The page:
Singer-pianist Mitch Woods found his thrill in the pre-rock and roll music of blues shouter Wynonie Harris, the boogie-woogie pianists Meade Lux Lewis, Albert Ammons and Pete Johnson, and the Latin tinged-blues-boogie of Professor Longhair. Of course, Fats Domino inspired him, too. Woods celebrates Domino with his new album, A Tip of the Hat to Fats. In 2018, Woods and his band, the Rocket 88s, recorded the album in front of a full house at the New Orleans Jazz and Heritage Festival’s Blues Tent. The Rocket 88s feature saxophonists Roger Lewis (the Dirty Dozen, Fats Domino), Amadee Castenell and Brian “Breeze” Cayolle (Allen Toussaint), guitarist John Fohl (Dr. John), bassist Cornell Williams (Jon Cleary), and drummer Terence Higgins (Dr. John, Toussaint, George Porter Jr.).
Although the San Francisco Bay Area-based Woods didn’t perform at the 2019 Jazz Fest, he played “breakfast boogie” sets at the Bywater Bakery concurrently with the event, plus A Tip of the Hat to Fats album release show at the Louisiana Music Factory.
Woods’ association with New Orleans began in 1981, the year he first visited the city. By then, he’d already been a professional musician for more than a decade. In his teens, Woods performed with rock and roll bands in his native New York City. He participated in the Buffalo music scene during his college years. From 1971 on, he based his eventually international career out of the San Francisco Bay Area.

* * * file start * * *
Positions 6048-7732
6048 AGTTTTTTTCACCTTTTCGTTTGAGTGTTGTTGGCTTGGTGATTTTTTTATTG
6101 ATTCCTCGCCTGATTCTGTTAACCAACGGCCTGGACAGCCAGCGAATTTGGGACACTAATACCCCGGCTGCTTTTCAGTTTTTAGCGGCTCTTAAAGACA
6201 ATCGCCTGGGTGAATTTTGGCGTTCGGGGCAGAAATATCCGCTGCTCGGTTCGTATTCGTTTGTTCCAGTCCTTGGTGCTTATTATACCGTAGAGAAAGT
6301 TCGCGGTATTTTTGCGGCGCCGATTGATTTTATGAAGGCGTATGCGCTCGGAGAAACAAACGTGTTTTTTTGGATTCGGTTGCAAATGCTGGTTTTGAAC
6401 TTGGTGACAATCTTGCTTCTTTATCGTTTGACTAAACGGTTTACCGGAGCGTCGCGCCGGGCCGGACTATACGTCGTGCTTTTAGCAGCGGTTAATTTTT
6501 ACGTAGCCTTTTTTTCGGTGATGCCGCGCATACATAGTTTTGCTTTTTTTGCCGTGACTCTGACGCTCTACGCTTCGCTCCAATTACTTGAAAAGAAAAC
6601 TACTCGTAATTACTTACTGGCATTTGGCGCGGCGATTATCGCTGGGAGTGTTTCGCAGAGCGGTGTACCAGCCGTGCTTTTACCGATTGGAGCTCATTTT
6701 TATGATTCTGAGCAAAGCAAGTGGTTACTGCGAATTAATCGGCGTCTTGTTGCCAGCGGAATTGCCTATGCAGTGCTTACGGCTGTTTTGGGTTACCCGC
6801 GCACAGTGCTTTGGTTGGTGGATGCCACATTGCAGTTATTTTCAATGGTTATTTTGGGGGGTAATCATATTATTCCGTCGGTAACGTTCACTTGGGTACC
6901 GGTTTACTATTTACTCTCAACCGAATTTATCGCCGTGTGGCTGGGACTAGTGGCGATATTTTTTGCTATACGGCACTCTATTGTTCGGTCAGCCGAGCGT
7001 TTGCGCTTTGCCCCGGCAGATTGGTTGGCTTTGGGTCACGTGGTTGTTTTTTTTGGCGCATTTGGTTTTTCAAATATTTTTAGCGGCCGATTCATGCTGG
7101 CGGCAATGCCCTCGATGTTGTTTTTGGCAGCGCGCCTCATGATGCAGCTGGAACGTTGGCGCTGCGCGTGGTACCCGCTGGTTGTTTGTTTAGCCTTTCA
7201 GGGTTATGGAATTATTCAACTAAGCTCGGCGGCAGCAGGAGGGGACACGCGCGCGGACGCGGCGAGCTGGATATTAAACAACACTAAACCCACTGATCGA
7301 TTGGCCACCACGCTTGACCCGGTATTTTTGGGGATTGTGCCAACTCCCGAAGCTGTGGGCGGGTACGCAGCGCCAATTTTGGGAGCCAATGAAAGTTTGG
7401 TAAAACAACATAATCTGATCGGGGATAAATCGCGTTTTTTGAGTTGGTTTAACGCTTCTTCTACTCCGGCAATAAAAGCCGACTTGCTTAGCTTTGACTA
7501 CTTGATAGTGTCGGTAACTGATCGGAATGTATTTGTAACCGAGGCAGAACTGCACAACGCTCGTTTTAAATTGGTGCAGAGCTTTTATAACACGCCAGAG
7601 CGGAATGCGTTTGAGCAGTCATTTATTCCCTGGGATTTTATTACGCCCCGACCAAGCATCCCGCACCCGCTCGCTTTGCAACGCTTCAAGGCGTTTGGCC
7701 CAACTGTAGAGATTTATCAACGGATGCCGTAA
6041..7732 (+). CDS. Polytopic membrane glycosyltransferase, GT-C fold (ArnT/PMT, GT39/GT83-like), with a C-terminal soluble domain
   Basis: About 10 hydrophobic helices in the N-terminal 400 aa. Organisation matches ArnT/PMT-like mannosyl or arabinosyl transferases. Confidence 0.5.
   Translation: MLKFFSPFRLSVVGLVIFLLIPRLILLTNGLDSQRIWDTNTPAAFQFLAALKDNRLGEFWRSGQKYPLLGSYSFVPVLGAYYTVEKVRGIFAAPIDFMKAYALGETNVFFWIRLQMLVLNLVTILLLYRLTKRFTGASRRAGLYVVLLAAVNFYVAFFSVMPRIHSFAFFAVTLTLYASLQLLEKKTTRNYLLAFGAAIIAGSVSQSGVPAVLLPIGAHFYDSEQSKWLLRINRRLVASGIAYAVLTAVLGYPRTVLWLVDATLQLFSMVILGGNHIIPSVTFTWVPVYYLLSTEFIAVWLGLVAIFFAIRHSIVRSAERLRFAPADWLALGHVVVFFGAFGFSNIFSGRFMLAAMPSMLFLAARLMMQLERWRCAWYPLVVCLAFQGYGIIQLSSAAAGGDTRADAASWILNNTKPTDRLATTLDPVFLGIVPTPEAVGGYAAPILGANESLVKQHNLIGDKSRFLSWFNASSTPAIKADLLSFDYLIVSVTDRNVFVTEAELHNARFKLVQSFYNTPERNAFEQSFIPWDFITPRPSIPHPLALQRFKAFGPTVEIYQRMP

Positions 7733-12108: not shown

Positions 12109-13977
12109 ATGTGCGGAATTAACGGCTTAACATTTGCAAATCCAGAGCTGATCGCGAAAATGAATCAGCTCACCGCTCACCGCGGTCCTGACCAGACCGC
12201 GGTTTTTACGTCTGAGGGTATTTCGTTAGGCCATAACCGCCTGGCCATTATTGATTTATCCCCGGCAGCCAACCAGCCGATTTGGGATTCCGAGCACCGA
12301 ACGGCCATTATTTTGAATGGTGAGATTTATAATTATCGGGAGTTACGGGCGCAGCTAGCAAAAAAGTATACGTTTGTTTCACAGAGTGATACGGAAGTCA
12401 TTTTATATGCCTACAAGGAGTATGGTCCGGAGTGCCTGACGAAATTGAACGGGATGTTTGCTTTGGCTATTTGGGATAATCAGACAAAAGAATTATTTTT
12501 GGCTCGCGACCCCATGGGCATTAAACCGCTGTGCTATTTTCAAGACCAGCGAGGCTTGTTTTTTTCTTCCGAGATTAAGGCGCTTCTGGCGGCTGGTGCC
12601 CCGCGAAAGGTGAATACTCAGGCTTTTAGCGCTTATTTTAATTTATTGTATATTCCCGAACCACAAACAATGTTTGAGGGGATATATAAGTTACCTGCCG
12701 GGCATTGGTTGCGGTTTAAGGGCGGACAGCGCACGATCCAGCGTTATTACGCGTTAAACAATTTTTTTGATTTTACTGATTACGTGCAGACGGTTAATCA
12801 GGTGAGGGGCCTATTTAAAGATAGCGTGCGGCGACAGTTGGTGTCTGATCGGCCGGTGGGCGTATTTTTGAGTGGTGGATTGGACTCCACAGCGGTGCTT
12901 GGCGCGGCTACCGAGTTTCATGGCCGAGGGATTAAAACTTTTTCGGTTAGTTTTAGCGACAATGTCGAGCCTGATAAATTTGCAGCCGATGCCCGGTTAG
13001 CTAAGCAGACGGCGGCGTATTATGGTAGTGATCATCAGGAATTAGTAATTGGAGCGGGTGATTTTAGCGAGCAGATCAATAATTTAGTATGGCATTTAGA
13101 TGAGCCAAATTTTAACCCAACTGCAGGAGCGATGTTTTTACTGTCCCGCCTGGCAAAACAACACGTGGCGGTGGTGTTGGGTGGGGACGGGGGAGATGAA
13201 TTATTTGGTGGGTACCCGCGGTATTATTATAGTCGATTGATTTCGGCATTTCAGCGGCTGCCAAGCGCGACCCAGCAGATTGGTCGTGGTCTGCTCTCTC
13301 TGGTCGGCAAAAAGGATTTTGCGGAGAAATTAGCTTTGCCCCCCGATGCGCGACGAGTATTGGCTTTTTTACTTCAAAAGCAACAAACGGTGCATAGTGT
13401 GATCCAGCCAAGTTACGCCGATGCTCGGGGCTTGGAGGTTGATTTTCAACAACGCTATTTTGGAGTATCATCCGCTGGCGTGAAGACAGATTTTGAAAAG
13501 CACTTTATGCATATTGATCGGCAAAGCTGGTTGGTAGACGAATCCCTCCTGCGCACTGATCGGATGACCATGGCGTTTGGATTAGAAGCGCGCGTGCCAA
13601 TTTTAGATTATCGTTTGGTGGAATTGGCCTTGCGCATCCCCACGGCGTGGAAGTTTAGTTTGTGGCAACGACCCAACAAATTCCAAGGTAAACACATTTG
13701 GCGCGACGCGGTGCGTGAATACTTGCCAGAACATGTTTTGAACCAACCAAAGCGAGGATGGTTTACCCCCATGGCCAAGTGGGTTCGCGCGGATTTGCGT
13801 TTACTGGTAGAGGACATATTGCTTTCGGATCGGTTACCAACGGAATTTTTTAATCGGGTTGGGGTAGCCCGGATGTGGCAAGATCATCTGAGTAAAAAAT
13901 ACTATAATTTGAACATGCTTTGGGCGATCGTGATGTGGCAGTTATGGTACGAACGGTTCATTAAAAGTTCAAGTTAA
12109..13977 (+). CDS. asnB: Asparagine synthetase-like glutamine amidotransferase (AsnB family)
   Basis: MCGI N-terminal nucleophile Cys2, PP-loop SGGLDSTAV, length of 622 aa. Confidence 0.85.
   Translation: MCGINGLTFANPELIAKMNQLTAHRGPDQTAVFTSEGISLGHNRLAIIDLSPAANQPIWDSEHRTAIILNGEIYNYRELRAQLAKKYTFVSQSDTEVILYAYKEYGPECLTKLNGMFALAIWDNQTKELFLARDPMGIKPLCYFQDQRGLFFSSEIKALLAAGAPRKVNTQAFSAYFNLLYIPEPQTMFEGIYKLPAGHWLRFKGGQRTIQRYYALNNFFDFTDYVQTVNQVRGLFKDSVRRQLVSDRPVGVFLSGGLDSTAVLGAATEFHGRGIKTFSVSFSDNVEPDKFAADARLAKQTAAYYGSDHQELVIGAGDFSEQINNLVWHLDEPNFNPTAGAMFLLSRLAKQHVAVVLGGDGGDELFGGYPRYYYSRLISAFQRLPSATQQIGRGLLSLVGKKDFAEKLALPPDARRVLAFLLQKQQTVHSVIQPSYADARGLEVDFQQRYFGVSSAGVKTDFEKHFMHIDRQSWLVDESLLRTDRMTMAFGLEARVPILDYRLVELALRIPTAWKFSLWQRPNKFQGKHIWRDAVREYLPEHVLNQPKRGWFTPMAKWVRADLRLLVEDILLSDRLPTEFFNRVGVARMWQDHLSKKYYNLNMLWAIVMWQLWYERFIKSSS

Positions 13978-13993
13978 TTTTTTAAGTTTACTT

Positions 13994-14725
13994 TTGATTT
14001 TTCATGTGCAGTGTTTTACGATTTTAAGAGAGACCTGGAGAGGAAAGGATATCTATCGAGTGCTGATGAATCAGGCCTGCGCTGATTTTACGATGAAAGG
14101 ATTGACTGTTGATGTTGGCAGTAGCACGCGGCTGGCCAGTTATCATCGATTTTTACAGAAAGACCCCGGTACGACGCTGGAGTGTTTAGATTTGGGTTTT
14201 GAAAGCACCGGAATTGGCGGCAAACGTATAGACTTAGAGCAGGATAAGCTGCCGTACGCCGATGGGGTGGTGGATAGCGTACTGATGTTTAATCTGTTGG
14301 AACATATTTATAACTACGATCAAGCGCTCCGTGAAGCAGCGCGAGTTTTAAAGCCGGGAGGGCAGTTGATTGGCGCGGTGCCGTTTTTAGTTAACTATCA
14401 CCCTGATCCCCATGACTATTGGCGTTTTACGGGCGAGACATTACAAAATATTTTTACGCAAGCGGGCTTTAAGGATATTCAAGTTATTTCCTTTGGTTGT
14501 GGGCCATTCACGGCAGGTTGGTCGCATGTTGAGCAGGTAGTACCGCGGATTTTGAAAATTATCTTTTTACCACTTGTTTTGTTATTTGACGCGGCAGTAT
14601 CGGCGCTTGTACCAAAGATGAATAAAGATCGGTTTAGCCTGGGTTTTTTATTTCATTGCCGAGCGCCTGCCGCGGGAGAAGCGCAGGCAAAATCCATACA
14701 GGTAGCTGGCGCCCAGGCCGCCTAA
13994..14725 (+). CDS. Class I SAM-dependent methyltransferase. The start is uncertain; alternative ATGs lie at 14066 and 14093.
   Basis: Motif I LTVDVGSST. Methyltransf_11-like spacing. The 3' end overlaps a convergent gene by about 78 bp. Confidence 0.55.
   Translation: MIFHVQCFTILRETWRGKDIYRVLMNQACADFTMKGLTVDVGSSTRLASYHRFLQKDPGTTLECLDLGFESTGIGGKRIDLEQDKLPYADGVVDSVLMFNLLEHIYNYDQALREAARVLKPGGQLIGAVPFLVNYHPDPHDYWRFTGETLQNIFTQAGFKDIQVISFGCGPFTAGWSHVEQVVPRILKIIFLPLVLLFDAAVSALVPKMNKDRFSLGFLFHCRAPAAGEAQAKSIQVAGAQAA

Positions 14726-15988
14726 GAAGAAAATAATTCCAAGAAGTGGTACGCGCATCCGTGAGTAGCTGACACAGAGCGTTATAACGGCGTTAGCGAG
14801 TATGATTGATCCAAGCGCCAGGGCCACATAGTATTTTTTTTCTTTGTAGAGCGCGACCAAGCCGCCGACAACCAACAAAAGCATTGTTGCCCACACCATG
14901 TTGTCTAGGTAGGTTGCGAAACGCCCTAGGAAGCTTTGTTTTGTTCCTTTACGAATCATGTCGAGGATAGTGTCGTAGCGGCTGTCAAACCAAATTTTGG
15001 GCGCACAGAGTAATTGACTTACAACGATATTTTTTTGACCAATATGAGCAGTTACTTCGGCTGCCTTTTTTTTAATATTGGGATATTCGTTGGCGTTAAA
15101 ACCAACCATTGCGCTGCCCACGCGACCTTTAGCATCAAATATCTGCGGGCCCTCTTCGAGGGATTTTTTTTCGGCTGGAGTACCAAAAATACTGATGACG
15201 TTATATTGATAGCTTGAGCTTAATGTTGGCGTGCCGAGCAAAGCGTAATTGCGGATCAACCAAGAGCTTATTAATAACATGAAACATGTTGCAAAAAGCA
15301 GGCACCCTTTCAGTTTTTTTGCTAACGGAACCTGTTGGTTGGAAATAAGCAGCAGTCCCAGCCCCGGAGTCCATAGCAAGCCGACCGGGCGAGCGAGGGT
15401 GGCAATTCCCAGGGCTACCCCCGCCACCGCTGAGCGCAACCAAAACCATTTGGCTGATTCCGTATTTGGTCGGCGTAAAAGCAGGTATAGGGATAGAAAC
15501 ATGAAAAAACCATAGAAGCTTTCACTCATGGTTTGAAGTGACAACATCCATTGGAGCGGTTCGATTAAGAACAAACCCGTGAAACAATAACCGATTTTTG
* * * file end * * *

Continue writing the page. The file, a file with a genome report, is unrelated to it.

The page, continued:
During Woods’ inaugural trip to New Orleans, he opened for James Booker, the pianist many consider the city’s greatest keyboardist, at the Maple Leaf Bar. Woods later lived in New Orleans often enough to regard it as his second home. Performances with local musicians led to the 2008 CD/DVD release, Big Easy Boogie. Woods recruited Domino’s producer and co-writer, Dave Bartholomew, to produce the album, which features Domino band members Herb Hardesty, sax, and Earl Palmer, drums. His 2010 album, Gumbo Blues, is a tribute to Smiley Lewis, the New Orleans singer-guitarist and Domino peer who released a major R&B hit in 1955, “I Hear You Knocking,” as well as the original recording of Domino’s 1956 crossover hit, “Blue Monday.”
A Tip of the Hat to Fats features Domino songs, Woods’ renditions of Jackie Brenston’s “Rocket 88,” and the jump blues classic “The House of Blue Lights,” as well as his tribute to Professor Longhair, “Mojo Mambo.” Woods’ previous album, 2017’s Friends Along the Way, pairs him in duets with Van Morrison, John Lee Hooker, Taj Mahal, Elvin Bishop, Charlie Musselwhite, Ruthie Foster, and Maria Muldaur.
Ahead of his West Coast album-release shows, and summer festival dates in Poland and France, Woods spoke to OffBeat from his home in Marin County, California.
During your 2018 set at the Jazz Fest, you told the audience it was one of the greatest days of your life.